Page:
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Rants from the Hill: On Packrats, Bobcats, Wildfires, Curmudgeons, a Drunken Mary Kay Lady, and Other Encounters with the Wild in the High Desert by Michael P. Branch (review)

Rants from the Hill: On Packrats, Bobcats, Wildfires, Curmudgeons, a Drunken Mary Kay Lady, and... radiation to a Japanese balloon that shut down nuclear production. Some events occurred during Adams’s tenure as an engineer; some persisted as stories from before his time. Part 4 details the philosophy behind building government homes along with Adams’s personal experience living in one, while part 5 elaborates on some of the fl ourishing environmental aspects of the reservation, such as an elk herd and rare and new plant spe- cies. Adams’s literary and poetic responses to his experiences are the substance of part 6. His poems can increase in resonance with readers who now know their context from the previous parts. Th e last lines of “Burial Ground” seem to sum up Adams’s stance on the Hanford Nuclear Reservation: “Th e earth is full of artifacts, fossils, and ghosts. / Th e earth does not regret, only remembers” (13– 14). Th is narrative will interest people focused on environmental his- tory and the ways the United States has used western regions as areas of experimentation and containment for nuclear production. People interested in memoir will be intrigued by the way the book’s isolat- ed parts come together in the poetry refl ecting Adams’s confl icted relationship with the http://www.deepdyve.com/assets/images/DeepDyve-Logo-lg.png Western American Literature University of Nebraska Press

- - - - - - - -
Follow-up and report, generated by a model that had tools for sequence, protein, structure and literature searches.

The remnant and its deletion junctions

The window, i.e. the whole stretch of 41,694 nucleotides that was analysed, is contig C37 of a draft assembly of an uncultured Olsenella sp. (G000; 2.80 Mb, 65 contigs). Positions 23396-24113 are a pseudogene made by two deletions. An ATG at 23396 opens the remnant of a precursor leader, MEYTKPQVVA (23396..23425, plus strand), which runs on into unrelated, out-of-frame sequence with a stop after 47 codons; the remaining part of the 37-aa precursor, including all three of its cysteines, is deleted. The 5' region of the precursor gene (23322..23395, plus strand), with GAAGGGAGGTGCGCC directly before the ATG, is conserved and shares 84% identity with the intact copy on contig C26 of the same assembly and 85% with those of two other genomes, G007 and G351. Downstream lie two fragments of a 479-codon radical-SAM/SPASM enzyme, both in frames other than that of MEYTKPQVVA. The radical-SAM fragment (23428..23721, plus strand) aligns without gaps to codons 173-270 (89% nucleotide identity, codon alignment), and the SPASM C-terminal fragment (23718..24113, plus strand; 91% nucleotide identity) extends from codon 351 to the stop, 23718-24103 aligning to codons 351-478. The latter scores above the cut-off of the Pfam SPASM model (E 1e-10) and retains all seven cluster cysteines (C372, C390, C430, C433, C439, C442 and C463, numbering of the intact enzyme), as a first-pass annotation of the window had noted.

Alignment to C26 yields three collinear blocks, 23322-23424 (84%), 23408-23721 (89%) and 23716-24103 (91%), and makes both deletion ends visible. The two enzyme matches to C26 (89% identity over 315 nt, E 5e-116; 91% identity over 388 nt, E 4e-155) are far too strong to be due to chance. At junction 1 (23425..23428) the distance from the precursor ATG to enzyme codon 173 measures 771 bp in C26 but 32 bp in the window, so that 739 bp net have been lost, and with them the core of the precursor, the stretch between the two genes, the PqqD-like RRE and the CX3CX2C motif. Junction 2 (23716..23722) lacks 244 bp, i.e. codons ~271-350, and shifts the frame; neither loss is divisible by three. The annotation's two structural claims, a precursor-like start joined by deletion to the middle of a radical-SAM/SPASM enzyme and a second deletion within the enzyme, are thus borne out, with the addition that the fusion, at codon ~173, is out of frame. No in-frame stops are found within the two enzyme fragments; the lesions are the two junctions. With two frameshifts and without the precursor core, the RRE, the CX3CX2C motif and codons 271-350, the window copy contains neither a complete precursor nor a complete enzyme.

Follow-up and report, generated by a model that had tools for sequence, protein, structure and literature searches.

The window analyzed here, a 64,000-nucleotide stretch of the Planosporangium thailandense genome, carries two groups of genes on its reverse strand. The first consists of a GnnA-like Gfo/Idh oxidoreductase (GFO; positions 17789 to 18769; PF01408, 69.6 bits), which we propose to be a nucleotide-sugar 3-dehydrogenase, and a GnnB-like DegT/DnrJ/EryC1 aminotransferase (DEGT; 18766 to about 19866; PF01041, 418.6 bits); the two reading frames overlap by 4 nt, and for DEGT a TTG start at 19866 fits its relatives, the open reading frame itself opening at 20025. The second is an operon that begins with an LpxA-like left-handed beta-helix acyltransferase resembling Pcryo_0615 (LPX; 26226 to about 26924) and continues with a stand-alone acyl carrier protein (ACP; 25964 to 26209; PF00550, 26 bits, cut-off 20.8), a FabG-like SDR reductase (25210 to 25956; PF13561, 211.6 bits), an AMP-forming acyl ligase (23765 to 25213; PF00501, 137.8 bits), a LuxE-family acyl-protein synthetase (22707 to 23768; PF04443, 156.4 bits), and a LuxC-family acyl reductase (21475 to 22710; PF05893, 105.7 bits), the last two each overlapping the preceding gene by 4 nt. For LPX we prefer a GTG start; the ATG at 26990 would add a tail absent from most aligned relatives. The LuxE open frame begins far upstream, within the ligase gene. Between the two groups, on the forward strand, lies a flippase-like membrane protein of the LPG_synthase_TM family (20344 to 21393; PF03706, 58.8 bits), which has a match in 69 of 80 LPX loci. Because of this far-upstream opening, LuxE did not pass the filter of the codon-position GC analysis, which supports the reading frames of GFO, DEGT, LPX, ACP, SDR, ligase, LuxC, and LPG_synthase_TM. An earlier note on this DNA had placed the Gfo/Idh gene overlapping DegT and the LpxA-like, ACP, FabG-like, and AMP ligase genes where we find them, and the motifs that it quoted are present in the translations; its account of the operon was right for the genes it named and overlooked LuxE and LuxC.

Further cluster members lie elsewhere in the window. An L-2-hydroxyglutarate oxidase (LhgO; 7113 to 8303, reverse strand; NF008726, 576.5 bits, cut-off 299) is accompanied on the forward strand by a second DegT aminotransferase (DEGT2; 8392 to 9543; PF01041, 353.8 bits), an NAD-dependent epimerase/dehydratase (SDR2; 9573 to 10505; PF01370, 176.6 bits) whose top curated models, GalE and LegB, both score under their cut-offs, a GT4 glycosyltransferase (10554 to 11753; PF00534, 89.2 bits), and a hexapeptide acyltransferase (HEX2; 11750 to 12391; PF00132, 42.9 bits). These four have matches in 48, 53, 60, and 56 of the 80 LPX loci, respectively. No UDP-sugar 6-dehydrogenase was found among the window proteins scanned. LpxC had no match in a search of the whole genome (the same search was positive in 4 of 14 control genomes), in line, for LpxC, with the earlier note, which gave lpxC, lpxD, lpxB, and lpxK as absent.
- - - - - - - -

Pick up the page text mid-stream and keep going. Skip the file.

Rants from the Hill: On Packrats, Bobcats, Wildfires, Curmudgeons, a Drunken Mary Kay Lady, and Other Encounters with the Wild in the High Desert by Michael P. Branch (review)

Western American Literature , Volume 53 (1) – Jun 1, 2018

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Publisher
University of Nebraska Press
ISSN
0043-3462

Abstract

radiation to a Japanese balloon that shut down nuclear production. Some events occurred during Adams’s tenure as an engineer; some persisted as stories from before his time. Part 4 details the philosophy behind building government homes along with Adams’s personal experience living in one, while part 5 elaborates on some of the fl ourishing environmental aspects of the reservation, such as an elk herd and rare and new plant spe- cies. Adams’s literary and poetic responses to his experiences are the substance of part 6. His poems can increase in resonance with readers who now know their context from the previous parts. Th e last lines of “Burial Ground” seem to sum up Adams’s stance on the Hanford Nuclear Reservation: “Th e earth is full of artifacts, fossils, and ghosts. / Th e earth does not regret, only remembers” (13– 14). Th is narrative will interest people focused on environmental his- tory and the ways the United States has used western regions as areas of experimentation and containment for nuclear production. People interested in memoir will be intrigued by the way the book’s isolat- ed parts come together in the poetry refl ecting Adams’s confl icted relationship with the

Journal

Western American LiteratureUniversity of Nebraska Press

Published: Jun 1, 2018

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